A more critically minded and media-literate populace is the only antidote for a culture in thrall to a good tale.

Do this: Recognize stories for what they are: stories.

5. “We finally reach 8 billion!”

World population is now 8 billion! – Jennifer D. Sciubba – (A World of 8 Billion newsletter)

Yes, it’s apparently a newsletter dedicated to the very milestone we reached this week. This issue points out a few other numbers that are worth your attention as we surpass 8 billion humans.

  • 2.3, the global total fertility rate is now just a shade above replacement level.
  • 6 billion of us who live in middle-income countries, many of which have below-replacement fertility.
  • 18 years: the gap between average life expectancy at birth in low-income countries (65 years) versus high-income ones (83 years).
  • 42% of the population in lower-income countries is under age 15.
  • 50% of world population growth through 2050 will come from countries in sub-Saharan Africa.
  • 2020: the year the global population growth rate fell under 1% for the first time in modern history.

Obviously there’s a lot more behind those numbers, but they’re important additional perspectives.

Do this: Realize that the 7,999,999,999 others often lead dramatically different lives.

6. “People can easily imagine how everything could be better.”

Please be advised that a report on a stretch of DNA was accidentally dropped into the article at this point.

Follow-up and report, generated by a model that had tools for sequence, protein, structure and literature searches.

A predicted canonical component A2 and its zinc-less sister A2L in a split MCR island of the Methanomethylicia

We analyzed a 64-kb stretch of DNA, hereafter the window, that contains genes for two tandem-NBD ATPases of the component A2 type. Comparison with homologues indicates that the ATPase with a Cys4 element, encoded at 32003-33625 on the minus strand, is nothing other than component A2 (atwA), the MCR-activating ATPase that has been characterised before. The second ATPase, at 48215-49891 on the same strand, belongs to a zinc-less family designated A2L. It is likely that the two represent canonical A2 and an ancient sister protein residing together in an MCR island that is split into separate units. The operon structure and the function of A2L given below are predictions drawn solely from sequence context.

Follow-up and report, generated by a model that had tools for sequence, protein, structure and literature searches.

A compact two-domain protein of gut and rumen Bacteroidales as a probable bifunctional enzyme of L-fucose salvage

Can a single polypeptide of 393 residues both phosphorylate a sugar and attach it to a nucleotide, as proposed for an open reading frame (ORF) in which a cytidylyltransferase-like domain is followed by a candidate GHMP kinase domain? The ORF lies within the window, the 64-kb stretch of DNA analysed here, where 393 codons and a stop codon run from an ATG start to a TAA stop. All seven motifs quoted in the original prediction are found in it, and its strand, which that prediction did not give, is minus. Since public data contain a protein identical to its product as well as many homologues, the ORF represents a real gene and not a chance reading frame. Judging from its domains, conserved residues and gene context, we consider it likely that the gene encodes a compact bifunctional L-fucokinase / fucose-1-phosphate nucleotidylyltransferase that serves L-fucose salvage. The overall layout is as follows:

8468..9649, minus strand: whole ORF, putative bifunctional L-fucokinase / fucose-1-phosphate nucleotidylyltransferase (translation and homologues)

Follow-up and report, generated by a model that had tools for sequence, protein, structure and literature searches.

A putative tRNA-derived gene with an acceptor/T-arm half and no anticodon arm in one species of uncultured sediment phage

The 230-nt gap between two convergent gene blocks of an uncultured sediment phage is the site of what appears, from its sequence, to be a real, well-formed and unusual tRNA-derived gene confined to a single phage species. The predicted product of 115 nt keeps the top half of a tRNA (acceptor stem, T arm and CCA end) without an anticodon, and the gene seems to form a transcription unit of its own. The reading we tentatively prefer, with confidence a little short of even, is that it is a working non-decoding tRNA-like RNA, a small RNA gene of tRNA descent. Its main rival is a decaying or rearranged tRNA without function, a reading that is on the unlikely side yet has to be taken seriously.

Things could be better – Adam Mastroianni – (Experimental History newsletter)

No matter how you ask, or who you ask, when people are asked to imagine things being different, they overwhelmingly describe things being better. Humanity seems to have a natural bias to imaging a better world.

One of the plausible conclusions involves the “hedonic treadmill”:

people get used to good things because they’re always imagining how things could be better. So even if things get better, you might not feel better. When you live in a cramped apartment, you dream of getting a house. When you get a house, you dream of a second house. Or you dream of lower property taxes. There is a hot tub. Or two hot tubs. And so on, forever.

It’s also an entertaining study, which concludes by describing how the study could never be formally published because … it’s too entertaining.

It’s almost as if we can’t help but imagine ways that scientific publishing could be better. Somebody should write a paper about that.

Do this: keep imagining better.

7. “Money doesn’t buy happiness.”

I took Yale’s ‘most popular class ever’—and it completely changed how I spend my money – Dave Schools – (CNBC)

A friend forwarded me that article, and I had coincidentally added Laurie Santos: Psychology and the Good Life – A YouTube video by the professor behind that popular class, summarizing it.

Schools’ article focuses on the monetary aspect of the class’s lessons. The finding is that money does indeed “buy” happiness, but only to a point. Beyond that point, it can continue to, just not to the degree we might expect.

The Yale course (The Science of Well Being, available online for free) covers much, much more than that. The video presents a 45 minute summary and a selection of 10 takeaways from the approximately 19 hour course. The video’s well worth the watch.

Do this: While it’s something we’ve heard before, perhaps take Schools’ takeaway: experiences, not things.

What I’m Reading

In progress: